Sydney and Komoran


German Raider Komoran

Legendary Sea Battle Between Sydney And Kormoran

By James Donahue

During the early years of World War II, the Australian Cruiser Sydney II and a German raider Karmoran engaged in a lonely shooting battle off the Western coast of Australia that sank both ships and created an unsolved mystery.

While 341 of the German raider's complement of 390 were rescued by passing ships, the Sydney was lost that day with all 645 hands, and no one has ever been able to explain why. The ship was last seen by the German crew steaming off into the west, its forward deck ablaze. Not a single lifeboat or body was to be found.

Naval experts found it difficult to explain how a raider posing as a merchant vessel could outgun and sink such a formidable ship as the Sydney. Some theorized that the burning cruiser later was hit by a torpedo from a Japanese submarine that finished it off. Because the incident happened on November 19, 1941, in the midst of war, investigation and subsequent information about the battle was and remains difficult to obtain.

At the time of the battle, the Sydney was the pride of the Royal Australian Navy's fleet. The 6,830-ton modified Leander class cruiser already had established an illustrious battle record, having engaged in several conflicts and famously sinking the Italian battle cruiser Bartolomeo Colleoni during a scrap in the Mediterranean.

When she engaged the Karmoran, the Sydney was participating in troop ship escort duties between Australia and Southeast Asia. She had just handed over the escort of the troop ship Zealandia in the Sunda Strait and was steaming back to Fremantle when the German raider came into view in the open sea, southwest of Carnarvon.


Sydney II

Since there were no survivors on the Sydney, the record of what happened that day comes from the surviving German sailors who participated in the battle.

The Sydney was the larger of the two ships and many thought it had the advantage of superior fire power. At 562 feet, she was over 30 longer than the 535-foot raider. Her eight six-inch guns had a longer range over the Karmoran's 5.9-inch armament. Both ships were carrying smaller armament, machine guns and torpedo tubes. The Sydney also was equipped with a seaplane and launcher, while the Karmoran was carrying a small fast-attack LS3 vessel.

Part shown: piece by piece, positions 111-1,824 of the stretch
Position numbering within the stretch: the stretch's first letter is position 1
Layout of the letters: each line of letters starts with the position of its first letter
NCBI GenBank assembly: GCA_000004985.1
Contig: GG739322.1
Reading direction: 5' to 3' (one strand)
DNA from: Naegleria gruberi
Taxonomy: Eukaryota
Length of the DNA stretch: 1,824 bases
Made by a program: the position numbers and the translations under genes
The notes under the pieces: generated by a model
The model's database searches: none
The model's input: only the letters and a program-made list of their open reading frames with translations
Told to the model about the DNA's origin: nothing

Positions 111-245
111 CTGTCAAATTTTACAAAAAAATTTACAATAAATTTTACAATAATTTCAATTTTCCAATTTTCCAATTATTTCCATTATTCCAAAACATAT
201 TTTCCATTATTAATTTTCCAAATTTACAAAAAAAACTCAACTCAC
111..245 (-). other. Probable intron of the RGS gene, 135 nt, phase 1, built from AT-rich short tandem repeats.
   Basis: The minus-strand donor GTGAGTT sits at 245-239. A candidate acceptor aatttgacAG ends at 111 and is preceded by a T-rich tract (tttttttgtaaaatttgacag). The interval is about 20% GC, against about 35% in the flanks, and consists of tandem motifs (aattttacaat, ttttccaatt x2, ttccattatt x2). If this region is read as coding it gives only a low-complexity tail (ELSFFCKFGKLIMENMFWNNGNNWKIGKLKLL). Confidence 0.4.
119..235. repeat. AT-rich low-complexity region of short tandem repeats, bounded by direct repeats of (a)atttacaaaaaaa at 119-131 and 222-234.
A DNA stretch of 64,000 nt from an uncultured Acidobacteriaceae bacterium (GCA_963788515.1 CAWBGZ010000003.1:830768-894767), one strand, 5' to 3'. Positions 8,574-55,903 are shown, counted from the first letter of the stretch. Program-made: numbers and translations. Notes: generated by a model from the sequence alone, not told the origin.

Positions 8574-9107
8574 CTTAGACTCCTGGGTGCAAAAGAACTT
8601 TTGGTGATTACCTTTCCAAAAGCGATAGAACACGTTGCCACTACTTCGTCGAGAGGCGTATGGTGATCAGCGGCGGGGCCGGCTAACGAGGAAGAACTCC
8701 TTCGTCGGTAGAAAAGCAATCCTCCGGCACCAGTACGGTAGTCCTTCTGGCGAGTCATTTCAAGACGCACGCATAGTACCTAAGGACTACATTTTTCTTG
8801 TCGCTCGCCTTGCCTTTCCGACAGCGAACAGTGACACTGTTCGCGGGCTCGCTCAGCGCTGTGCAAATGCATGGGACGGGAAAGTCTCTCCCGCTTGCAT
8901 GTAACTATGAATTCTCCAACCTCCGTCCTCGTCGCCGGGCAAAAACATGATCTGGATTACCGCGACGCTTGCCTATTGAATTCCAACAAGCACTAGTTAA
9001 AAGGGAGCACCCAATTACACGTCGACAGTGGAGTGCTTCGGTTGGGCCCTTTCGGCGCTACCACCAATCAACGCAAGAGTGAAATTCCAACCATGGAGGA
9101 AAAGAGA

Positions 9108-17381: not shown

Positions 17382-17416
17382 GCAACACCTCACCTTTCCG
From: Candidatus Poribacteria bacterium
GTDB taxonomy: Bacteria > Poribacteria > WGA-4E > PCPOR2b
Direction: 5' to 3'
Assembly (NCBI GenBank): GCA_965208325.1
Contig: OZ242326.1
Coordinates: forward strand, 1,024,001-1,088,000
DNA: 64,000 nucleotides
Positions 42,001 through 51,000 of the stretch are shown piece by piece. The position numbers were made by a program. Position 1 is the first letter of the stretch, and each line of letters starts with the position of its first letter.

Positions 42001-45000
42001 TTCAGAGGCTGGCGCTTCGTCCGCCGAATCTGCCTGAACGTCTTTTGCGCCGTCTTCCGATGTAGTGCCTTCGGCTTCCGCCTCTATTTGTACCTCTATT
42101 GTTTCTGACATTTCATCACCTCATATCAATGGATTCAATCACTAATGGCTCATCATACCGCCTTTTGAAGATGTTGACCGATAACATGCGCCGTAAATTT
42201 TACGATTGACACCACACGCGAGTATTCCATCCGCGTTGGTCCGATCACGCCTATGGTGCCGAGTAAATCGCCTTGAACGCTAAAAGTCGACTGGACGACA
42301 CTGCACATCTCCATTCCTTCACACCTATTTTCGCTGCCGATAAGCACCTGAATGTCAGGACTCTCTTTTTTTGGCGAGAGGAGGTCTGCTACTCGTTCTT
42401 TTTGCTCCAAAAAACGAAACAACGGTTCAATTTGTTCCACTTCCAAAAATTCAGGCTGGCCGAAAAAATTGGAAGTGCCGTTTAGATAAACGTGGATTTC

The Karmoran, under the command of Commander Theodor Detmers, was a converted freighter posing as a Dutch freighter with her guns and identity concealed. It was the largest of the German raiders operating on the high seas that fall. As it turned out, Commander Detmers also had the advantage of stealth.

The two vessels approached each other as the two masters exchanged signals, the new and inexperienced Captain Joseph Burnett on the Sydney desperately attempting to learn the true identity of the vessel he was encountering, and Commander Detmers cleverly playing his well orchestrated game of pretending to be something he was not.

It was not long before the Sydney lost its advantage of gun range. When Detmers at last raised the German flag and opened fire, the two warships were steaming alongside one another, only about a mile apart. The German salvo struck first, blasting away the bridge, obviously killing Burnett and other top officers on the cruiser, and putting control of the ship out of commission.

Sydney's guns opened fire but that first salvo passed over Kormoran, allowing the raider an opportunity to inflict even more severe damage to the Sydney with two more salvos, again striking her bridge and amidships section. The Germans said the Kormoran's guns concentrated on the bridge, torpedo tubes and anti-aircraft batteries. The German guns also knocked out the Sydney's forward A and B turrets, leaving only the after turrets firing. One of those guns finally struck the Kormoran in the funnel and engine room, causing so much damage that the raider's engines soon failed.

The Kormoran fired off torpedoes and one of these struck Sydney and left the warship ablaze and mortally wounded, but still under power.

With her stern now low in the water, Sydney turned sharply toward Kormoran in what appeared to be an attempt to ram. As she turned, a salvo from the raider blew the top of B turret away. The ramming attempt failed and the blazing cruiser passed under Kormoran's stern. It was after that the Sydney steamed southward, her aft guns still firing and the Kormoran firing back, even though she was now standing dead in the water and in a sinking condition.

The battle lasted no longer than about half an hour, with Kormoran firing an estimated 450 rounds from her main armament. The sailors said as the sun sank that evening the Sydney continued steaming off to the south-southeast until all that could be seen was a distant glare from the fires over the horizon. After that the Sydney was seen no more.

With his own command in a sinking condition, Detmers gave the order to abandon ship. Rather than allow the raider to be possibly taken by enemy ships and salvaged, he also ordered the vessel scuttled. Thus the Kormoran also was lost in the battle.

Great And Lost Ships Of The World